This is typical rapport talk. Naomi has been living in a foreign land. She has returned without her husband or her sons. She has brought along a daughter-in-law, for whom she feels responsible. But now she is finally among women of her own generation and nationality and can really be herself. The women do not respond to her speech; they do not need to. They have heard her, and they provide a supportive audience.
Near the end of the Book of Ruth, when Ruth returns from the threshing floor, Naomi greets her, “How did you fare, my daughter?” (Ruth 3:16). Ruth’s reply is interesting. When she describes her encounter with Boaz to Naomi, she attributes words to him not recorded previously in the text. She reports that he said, “‘You must not go back empty-handed to your mother-in-law’” (Ruth 3:17). Ruth is concerned with Naomi’s feelings. Before they entered Bethlehem, she had promised that not even death would part them. With the words that she now puts in Boaz’s mouth, she implies a renewal of that vow in light of the change that looms on the horizon of her life.19 In marriage ceremonies, the bridal couple often promises to remain together “for better or for worse,” and most people think that it is the “worse” that has the potential to separate them. In this case, however, it is the “better” that may threaten to separate the two women: Ruth lets Naomi know that she will be true to her vow and that their relationship will remain intact no matter what happens with Boaz.
The choruses that conclude the spoken language in the Book of Ruth nicely condense the differences in male and female communication style revealed there.
At the betrothal at the city gates, the chorus of elders, which scholars universally agree are men, states:
Here are their male concerns in a nutshell: fertility, progeny to continue on the family line, and wealth. The men want Ruth to build up the House of Israel; they want Boaz to prosper and be renowned. They deem Boaz’s self-esteem and income important. They mention Israel and Judah, their ancestors and Boaz’s; their connections with their heritage give them status. However, there is no mention of raising up the family of Elimelech or Mahlon, even after all the talk between the kinsman and Boaz at the city gate. Instead, the men focus on the man they know and how he has, and will, fit into the social structure of Judah, the House of Israel, the House of Perez. They hope Boaz’s marriage to Ruth will enhance his role in Judah.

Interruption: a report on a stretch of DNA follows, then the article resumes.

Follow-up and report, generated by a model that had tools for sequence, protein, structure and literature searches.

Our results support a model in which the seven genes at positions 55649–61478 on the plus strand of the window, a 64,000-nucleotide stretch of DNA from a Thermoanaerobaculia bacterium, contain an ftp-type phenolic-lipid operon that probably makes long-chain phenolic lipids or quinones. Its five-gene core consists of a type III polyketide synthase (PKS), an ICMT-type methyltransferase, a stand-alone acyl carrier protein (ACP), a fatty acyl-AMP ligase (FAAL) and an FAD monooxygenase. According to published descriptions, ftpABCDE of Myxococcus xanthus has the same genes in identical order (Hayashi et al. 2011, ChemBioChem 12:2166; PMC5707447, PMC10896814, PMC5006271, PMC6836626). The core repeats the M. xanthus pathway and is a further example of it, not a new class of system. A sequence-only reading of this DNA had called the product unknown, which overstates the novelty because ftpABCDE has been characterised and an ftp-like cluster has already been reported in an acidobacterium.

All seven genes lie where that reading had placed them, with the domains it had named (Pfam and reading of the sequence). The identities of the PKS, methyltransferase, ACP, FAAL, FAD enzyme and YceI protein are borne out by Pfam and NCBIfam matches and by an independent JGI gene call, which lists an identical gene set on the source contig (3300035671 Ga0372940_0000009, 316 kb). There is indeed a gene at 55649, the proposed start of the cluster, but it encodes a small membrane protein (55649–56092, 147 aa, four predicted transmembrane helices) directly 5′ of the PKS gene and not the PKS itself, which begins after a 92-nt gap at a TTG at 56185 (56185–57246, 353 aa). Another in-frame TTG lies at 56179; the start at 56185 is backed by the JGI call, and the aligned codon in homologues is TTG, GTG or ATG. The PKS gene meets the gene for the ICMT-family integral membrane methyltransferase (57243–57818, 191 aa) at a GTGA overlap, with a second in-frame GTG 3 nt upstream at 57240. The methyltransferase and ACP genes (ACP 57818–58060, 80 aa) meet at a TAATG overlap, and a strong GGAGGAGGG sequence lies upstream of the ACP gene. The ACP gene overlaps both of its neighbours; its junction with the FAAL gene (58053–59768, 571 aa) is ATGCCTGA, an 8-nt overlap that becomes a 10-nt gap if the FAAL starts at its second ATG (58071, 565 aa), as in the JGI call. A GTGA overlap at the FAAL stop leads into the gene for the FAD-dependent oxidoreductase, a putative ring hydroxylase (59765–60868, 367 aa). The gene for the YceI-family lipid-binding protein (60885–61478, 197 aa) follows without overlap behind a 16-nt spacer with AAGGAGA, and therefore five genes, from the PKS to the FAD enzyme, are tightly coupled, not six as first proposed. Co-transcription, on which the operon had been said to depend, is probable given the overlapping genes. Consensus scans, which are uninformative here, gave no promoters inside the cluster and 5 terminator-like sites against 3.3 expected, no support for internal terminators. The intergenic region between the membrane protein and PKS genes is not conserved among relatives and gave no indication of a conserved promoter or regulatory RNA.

The chorus of women presents a very different view as they rejoice with Naomi at the birth of her grandson. They say:
The women rejoice at the reversal of Naomi’s fortunes. They focus not on the House of Judah or on its esteem, but on what happens in Bethlehem (literally “House of Bread”), which is seen here as a place of nourishment. The new baby, Obed, whose name means “servant,” will nourish and serve Ruth and Naomi.
Like the men, the women focus on their friend. Unlike the men, who allude to Ruth, the women ignore Boaz and instead speak about God’s relationship with Ruth and Ruth’s relationship to Naomi. They tell Naomi, “Your daughter-in-law. . .loves you, [and]. . .is more to you than seven sons.” Immediate family relationships and love are what is worth commenting upon for the women–these matter more than wealth or tribal connections. The women empathized in silence when Naomi returned to Bethlehem in despair. Now they rejoice with her. And, unlike Boaz, who focused on the rights of the dead in his encounter with the kinsman, the women focus on those who are living. The last spoken words in the Book of Ruth are, “A son has been born to Naomi.”
Both the Book of Ruth and modern research indicate that men and women communicate differently and often have different concerns. Whether we say that men are from Mars or Judah, whether we think women are from Venus or Bethlehem, it does seem that our lifeblood has been flowing in different directions for thousands of years.
10. Barbara Westbrook Eakins and R. Gene Eakins, Sex Differences in Human Communication (Boston: Houghton Mifflin, 1978), p. 26. Similar results surfaced in an analysis of question and answer periods at academic conferences. In one study, women gave 40.7 percent of the papers and made up 42 percent of the audience; however, they made only 27.4 percent of the responses following the presentations and took only half as long to phrase their comments (the mean was 23.1 seconds for women and 52.7 seconds for men). See Marjorie Swacker, “Women’s Verbal Behavior at Learned and Professional Conferences,” in Papers in Southwest English IV: Proceedings of the Conference on the Sociology of the Languages of American Women, ed. Betty Lou Dubois and Isabel Crouch (San Antonio: Trinity Univ., 1978), p. 156.
17. Nehama Aschkenasy, “Language as Female Empowerment in Ruth,” in Reading Ruth: Contemporary Women Reclaim a Sacred Story, ed. Judith A. Kates and Gail Twersky Reimer (New York: Ballantine, 1994), p. 113.
19. Danna Nolan Fewell and David Miller Gunn, “Compromising Redemption: Relating Characters in the Book of Ruth,” in Literary Currents in Biblical Criticism (Louisville, KY: Westminster/John Knox, 1990), pp. 100—101.
Denise Dick Herr is a professor of English at Canada Union College in Alberta. Her previous publications include an article on how the child sacrifice district in ancient Carthage parallels New Carthage, the setting for the play Who’s Afraid of Virginia Woolf? (“The Tophet at New Carthage: Setting in Who’s Afraid of Virginia Woolf?” English Language Notes 33 )